Yet, somehow, I am getting by each day. Even if I’m just barely crawling to a finish line, I’m always shocked that I’ve made it through another day. I’m starting to think that some superheroes don’t wear capes, they just have really dark bags under their eyes.
The other night I put our five-month-old’s pacifier in his ear as I tried to coax him back to sleep. Twice I stuck it in his little baby double chin. That one actually stuck. Poor kid.
And the night before, I clicked on the Netflix icon on our TV with my mom’s name on it thinking I was making a phone call to her. And on more than one occasion I’ve fallen asleep in the swim school parking lot when I arrived a few minutes early to our oldest’s swimming lessons. (So far no one has knocked on the window to make sure I’m OK, which surprises me, but then again, we all know never to wake a sleeping mother). Did you know that a nursing pillow can actually serve as a giant neck pillow, too? That is the primary reason I carry one around in the car.
Needless to say, sleep deprivation has done some weird things to me.
So, how do I go on in the day to day when I’m beyond tired and my husband travels every other week for work and I work all day with a classroom full of little ones and manage a household with my own children while cooking and cleaning and driving and shopping and prepping and setting out clothes and packing lunches and petting and feeding the dog and helping with homework and reading bedtime stories and nursing and pumping and and sleep training and snuggling and loving deeply and kissing good-night and whispering I love yous and being a wife and a friend and a human who is someone more than only a mother who also should probably take a shower sometime?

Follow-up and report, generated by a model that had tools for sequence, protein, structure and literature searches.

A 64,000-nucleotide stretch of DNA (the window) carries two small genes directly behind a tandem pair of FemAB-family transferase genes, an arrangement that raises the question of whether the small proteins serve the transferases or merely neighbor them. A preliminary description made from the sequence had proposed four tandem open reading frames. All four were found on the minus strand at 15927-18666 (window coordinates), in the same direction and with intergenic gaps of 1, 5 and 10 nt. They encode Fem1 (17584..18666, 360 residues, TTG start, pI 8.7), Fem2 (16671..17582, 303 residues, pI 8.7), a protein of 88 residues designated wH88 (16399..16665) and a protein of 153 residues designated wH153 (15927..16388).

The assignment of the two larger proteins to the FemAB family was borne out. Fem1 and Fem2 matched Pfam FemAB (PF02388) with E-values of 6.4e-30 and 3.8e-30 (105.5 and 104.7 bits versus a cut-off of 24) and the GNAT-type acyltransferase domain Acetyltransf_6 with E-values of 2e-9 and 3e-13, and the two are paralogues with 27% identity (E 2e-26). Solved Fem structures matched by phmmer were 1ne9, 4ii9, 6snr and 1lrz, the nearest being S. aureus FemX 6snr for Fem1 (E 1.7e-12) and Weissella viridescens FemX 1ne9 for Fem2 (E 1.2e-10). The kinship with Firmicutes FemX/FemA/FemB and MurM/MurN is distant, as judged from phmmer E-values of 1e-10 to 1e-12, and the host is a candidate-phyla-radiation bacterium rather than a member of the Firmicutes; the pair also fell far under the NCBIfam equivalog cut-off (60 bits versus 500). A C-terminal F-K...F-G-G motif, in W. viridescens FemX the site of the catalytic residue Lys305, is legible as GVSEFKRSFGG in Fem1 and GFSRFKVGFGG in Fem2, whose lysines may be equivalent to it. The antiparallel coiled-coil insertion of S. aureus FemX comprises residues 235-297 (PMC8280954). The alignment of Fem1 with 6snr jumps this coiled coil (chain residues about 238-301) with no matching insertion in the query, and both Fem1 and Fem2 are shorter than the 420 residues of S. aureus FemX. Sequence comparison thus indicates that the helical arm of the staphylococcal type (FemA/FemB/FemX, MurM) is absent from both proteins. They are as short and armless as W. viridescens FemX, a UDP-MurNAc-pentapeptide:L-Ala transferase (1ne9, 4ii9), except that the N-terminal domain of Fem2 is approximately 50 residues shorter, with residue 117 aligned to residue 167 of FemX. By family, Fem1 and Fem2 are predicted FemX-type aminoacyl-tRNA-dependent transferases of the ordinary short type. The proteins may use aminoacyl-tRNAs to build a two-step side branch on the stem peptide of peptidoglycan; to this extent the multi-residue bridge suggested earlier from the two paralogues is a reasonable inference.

Well, for starters…
Somedays I don’t do it all. Even though I want to. And that is hard.
I do what I must do, and set aside the rest for a day. Or a week. Or yet another season. I’m not crazy about it, but sometimes that’s what it comes to. And that’s why they make dry shampoo and deodorant, my friends. So we don’t have to think we need to do it all, all of the time.
Because we don’t.
Somedays the only reason I believe this sleep regression stage won’t completely take us under is the fact that it hasn’t done so yet.
Somedays I ask for help and somedays I get it. Sometimes I need to be strong and I sloppily go about doing my best even though nothing seems to be good enough as before. Most days my rock star husband and I manage a perfect little tag-teaming dance of survival and I’m grateful that, unlike when I single parented my firstborn, that I have him by side.
Other days I solicit advice on social media while posting an adorable picture of my sweet baby that keeps me up all night and friends tell me what worked for them and another offers to come over and hold our baby at night and others share their well wishes and send me virtual hugs and presents in the mail.